body fluids. It affects 0.1% to 0.5% of low risk people in the US
(128,000+ annually) and 200 million individual worldwide. Hepatitis B is
the primary cause of liver cancer worldwide and is responsible for more
cancer deaths than any other agent in the third world. In areas that have
adopted Western lifestyles, it is less prevalent and cigarettes are a much
more common cause of other fatal cancers. People at risk for Hepatitis B
include intravenous drug users, those with high-risk sexual behavior,
infants of mothers with hepatitis and health care workers exposed to
infected blood and body fluids. Blood used for transfusion in the US is
screened for infectious hepatitis.
Hepatitis B also has a wide range of symptoms, but is a potentially much
more serious disease than hepatitis A. Up to 10% of infected people, over
one million in the US, develop a chronic infection that is contagious (90%
of infected infants). This condition also puts the individual at risk for
hepatic carcinoma (liver cancer). A small percentage of people develop
chronic, active hepatitis, a situation where recovery is incomplete. This
may require long term treatment with medication that is poorly tolerated
in some and may disqualify a pilot or controller from aviation duties.
Finally, approximately 0.1-1.0% develop "fulminant hepatitis", a very
aggressive and often fatal form of the disease. Nearly 6,000 deaths per
year in the US are attributable to hepatitis B.
Hepatitis C is a relatively newly discovered form of liver disease that
has recently received considerable public attention and media coverage.
The virus was not discovered until 1988 and reliable testing did not exist
until 1992. Unfortunately, the virus has infected many people prior to
that time. Approximately four million Americans (2 percent of the
population) are infected with hepatitis C and 10,000 will die of the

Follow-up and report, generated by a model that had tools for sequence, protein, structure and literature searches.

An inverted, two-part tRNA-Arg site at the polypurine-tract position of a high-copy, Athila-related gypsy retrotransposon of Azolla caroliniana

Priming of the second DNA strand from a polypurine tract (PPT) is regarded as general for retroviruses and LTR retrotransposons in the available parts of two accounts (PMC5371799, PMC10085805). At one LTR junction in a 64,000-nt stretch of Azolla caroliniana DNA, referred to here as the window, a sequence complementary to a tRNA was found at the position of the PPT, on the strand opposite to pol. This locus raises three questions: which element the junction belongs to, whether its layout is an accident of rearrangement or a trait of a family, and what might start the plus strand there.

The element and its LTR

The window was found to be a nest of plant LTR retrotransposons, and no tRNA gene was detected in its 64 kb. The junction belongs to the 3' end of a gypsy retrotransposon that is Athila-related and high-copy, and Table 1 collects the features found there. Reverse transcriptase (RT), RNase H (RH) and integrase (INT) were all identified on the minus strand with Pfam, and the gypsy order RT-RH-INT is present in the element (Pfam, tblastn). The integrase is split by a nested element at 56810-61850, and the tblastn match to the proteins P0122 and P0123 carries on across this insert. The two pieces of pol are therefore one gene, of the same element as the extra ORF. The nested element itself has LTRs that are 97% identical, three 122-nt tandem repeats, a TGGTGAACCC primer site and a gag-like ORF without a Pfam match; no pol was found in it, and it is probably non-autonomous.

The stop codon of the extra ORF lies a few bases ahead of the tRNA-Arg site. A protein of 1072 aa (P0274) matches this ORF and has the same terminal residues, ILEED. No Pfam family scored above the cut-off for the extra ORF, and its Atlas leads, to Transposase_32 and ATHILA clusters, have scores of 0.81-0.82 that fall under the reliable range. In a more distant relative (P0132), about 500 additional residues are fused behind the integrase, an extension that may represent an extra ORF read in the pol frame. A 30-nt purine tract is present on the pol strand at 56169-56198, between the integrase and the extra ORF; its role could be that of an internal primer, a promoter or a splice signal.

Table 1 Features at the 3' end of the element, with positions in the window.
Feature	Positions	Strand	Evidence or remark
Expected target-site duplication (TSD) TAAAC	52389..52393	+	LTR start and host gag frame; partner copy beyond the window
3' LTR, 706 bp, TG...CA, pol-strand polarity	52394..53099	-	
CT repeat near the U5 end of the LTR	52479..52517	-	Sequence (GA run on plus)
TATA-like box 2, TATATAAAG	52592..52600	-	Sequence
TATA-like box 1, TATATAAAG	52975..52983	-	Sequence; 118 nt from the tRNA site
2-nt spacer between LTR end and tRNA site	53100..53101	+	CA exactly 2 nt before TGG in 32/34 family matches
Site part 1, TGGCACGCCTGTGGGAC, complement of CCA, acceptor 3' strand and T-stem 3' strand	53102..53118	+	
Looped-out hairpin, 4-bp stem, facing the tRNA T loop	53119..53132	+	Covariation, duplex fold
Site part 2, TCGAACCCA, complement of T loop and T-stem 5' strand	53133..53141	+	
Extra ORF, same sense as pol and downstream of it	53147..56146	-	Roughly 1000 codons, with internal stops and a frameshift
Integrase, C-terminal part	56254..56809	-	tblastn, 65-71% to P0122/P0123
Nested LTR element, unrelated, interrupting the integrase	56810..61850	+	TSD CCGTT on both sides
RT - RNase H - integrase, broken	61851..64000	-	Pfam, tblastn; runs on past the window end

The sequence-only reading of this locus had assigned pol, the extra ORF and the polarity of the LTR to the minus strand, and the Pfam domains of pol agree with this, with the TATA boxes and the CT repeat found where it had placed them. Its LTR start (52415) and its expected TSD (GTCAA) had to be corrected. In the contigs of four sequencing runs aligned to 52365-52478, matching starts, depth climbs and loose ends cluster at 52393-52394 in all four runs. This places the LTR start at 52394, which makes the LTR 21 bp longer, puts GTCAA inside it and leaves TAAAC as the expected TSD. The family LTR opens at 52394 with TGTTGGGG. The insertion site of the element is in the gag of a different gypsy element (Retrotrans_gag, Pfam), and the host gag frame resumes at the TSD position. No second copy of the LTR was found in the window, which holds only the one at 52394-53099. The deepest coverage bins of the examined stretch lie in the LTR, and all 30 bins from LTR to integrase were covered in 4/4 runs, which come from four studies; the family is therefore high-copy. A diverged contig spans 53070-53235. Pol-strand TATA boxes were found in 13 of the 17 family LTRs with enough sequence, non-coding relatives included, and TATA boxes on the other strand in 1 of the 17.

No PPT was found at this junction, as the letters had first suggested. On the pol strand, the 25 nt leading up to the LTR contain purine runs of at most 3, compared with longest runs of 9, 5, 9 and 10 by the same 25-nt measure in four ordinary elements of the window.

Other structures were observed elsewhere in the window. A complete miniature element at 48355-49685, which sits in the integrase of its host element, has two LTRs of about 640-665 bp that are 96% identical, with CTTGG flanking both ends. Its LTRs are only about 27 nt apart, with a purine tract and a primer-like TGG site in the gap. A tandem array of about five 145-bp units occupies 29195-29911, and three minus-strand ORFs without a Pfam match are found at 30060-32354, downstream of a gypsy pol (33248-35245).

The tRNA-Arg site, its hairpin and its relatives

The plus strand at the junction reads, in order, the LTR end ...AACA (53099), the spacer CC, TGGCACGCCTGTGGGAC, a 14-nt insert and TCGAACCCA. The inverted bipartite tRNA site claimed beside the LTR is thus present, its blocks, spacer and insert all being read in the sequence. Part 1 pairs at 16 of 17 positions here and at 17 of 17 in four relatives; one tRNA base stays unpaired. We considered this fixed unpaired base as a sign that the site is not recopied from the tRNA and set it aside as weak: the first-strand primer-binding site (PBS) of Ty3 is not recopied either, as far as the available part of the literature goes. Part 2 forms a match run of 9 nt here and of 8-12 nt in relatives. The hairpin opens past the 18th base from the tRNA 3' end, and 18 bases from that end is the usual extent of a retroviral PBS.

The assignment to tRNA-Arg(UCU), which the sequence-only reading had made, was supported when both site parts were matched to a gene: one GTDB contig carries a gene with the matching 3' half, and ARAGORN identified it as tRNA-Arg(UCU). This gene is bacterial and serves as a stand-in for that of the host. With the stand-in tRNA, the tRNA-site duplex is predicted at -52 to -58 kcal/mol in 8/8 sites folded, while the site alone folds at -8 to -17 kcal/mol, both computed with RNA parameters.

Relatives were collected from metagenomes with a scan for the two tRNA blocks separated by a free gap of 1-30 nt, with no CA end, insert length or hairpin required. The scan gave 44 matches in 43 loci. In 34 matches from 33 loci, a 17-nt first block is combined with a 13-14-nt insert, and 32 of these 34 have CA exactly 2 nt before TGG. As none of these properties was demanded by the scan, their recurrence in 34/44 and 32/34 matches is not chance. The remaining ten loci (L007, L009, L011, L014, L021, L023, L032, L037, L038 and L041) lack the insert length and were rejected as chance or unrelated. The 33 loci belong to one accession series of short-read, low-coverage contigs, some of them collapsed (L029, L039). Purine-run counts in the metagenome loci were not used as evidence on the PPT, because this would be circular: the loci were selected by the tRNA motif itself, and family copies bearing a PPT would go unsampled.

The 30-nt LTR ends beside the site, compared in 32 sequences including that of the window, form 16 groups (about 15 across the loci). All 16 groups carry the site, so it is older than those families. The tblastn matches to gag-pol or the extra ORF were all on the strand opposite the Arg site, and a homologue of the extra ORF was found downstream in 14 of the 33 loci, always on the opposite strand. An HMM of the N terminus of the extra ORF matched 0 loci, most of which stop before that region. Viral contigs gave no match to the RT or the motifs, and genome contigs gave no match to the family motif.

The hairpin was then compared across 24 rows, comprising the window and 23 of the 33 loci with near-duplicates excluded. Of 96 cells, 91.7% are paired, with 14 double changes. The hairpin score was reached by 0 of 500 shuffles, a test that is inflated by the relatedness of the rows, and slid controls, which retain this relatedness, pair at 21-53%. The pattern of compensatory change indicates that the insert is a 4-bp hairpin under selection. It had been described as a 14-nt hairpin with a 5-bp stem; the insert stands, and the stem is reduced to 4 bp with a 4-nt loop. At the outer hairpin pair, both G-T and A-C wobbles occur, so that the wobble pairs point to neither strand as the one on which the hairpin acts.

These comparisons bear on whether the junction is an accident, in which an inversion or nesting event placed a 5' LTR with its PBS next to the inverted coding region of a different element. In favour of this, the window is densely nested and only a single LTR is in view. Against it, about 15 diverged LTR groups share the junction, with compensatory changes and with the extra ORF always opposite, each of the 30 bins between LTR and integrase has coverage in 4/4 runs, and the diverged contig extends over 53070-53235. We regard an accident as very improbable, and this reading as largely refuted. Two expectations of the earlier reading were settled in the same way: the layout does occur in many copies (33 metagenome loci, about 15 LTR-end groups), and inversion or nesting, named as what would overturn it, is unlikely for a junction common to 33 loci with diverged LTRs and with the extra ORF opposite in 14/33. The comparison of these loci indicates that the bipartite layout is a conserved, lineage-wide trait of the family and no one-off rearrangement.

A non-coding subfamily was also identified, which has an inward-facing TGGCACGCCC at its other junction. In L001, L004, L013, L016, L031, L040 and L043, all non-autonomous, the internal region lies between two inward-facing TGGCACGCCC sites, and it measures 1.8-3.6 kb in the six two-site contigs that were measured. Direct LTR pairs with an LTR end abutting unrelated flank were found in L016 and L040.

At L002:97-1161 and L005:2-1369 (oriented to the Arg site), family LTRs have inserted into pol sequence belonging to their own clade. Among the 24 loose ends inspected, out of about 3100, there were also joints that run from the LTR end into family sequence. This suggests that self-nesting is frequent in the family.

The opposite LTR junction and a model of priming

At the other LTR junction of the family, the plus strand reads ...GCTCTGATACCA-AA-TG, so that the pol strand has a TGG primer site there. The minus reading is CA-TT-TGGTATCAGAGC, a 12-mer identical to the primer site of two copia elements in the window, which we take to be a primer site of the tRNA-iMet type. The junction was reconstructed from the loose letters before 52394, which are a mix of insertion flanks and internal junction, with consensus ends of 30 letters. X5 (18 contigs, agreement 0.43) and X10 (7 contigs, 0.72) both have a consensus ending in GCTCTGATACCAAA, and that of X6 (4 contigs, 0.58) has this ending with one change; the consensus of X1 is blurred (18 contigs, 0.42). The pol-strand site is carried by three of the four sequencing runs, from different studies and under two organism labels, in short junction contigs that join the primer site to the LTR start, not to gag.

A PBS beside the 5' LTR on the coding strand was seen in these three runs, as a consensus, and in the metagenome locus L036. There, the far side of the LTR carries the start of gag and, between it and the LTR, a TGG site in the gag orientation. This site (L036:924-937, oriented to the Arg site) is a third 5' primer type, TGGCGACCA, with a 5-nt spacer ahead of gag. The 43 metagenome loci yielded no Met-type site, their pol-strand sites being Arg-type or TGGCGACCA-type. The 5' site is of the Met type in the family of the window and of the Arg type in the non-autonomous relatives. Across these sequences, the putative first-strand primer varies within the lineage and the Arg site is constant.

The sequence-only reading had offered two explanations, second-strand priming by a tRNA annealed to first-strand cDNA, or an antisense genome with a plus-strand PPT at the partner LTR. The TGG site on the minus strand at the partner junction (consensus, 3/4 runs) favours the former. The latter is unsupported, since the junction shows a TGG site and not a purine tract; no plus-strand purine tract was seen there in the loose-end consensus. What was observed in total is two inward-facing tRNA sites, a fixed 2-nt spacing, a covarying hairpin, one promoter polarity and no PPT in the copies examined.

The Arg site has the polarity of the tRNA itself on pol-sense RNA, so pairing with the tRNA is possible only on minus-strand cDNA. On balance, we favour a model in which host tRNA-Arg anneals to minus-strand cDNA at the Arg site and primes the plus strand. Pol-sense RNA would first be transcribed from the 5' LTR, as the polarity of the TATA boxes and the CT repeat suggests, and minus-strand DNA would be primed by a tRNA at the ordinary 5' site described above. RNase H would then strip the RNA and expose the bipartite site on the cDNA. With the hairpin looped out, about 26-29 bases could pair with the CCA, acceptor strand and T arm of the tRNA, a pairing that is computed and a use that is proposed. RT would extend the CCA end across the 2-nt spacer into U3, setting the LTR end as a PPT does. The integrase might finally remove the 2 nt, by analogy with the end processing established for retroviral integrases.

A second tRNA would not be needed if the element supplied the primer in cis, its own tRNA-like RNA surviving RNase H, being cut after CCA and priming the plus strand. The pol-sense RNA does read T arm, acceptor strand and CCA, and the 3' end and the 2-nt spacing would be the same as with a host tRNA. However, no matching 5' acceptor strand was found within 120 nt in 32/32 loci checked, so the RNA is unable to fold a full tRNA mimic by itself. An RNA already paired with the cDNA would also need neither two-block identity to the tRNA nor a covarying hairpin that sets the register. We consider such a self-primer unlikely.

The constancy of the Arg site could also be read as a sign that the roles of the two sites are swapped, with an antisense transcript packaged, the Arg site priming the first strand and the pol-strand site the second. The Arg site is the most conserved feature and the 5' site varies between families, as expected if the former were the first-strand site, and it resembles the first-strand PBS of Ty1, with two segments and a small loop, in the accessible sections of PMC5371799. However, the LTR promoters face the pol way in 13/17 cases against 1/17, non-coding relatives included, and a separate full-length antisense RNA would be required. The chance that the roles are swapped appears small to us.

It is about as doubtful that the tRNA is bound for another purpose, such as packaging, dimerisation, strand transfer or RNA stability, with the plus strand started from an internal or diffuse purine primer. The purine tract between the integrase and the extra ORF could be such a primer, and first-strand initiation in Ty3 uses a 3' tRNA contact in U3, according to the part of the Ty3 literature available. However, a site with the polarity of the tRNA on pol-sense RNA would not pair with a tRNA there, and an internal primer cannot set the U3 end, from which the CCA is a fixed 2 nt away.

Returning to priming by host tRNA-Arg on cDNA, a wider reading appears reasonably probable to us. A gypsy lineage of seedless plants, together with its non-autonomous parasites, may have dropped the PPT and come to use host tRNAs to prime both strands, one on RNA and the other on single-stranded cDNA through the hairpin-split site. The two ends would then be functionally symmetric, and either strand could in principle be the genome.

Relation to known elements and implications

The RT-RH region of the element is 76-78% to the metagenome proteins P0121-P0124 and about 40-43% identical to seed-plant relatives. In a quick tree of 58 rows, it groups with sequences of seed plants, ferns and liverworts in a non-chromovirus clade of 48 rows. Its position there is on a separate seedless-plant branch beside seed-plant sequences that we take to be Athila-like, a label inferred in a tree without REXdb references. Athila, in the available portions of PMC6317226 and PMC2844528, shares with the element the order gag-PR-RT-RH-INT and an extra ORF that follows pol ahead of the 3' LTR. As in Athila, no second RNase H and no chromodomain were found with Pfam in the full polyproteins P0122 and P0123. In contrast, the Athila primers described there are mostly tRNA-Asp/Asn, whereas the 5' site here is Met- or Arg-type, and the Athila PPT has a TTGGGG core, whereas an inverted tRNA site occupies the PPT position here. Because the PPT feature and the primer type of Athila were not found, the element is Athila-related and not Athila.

disease each year. The current medical costs in the US associated with
treating the disease are over $600 million annually.
Worldwide, 170 million people are infected. Hepatitis C is transmitted
through contaminated blood and body fluids, similar to Hepatitis B.
High-risk behaviours such as intravenous drug use and unprotected
intercourse with infected individuals accounts for most of the
transmission. Blood transfusions prior to improved testing of the blood
supply prior to 1992 accounts for about 7% of the infections.
The clinical picture of hepatitis C, at least in the early stages, is
quite different from Hepatitis A or B. Unlike the latter two, people
infected with hepatitis C rarely have any symptoms for 10-30 years. They
appear perfectly healthy, yet carry the disease and can infect others.
Approximately 80% of people infected will develop chronic inflammation of
the liver in 10-30 years and 20% will develop cirrhosis which destroys the
liver, resulting in the need for a liver transplant to prevent death.
Other forms of hepatitis due to viruses include Hepatitis D, E and G.
Transmission for most is similar to hepatitis B through infected blood.
Hepatitis E is transmitted by contact with infected stool similar to
Prevention of Hepatitis A
Fortunately, prevention of these diseases is usually easy to accomplish.
Exceptions can occur when hepatitis A contaminated food is unsuspectingly
consumed in an area where transmission risk is usually very low (e.g.
North America or Western Europe). When travelling to areas with poor
hygiene, using the same steps one would use to avoid traveller's diarrhoea
are fairly effective in preventing hepatitis A.
You should avoid uncooked foods and only eat fruits and vegetables that
you personally peel. Avoid water or ice. Even "bottled" water may be
contaminated if not obtained from a reliable clean source. In the past,
people travelling to high risk areas were given "gamma Globulin" or immune
serum globulin which gave a partial temporary immunity. These painful
shots conveyed passive immunity, a transient protection gained from other
infected persons’ serum.
Recently, vaccines for hepatitis A (Havrix and Vaqta) have been developed.
They are much more effective in conveying a lifelong active (produced by
your own body) immunity. The vaccine series is given as a two shot series
with the second shot given 6 months after the first for adults.
Significant immunity occurs within several weeks of the first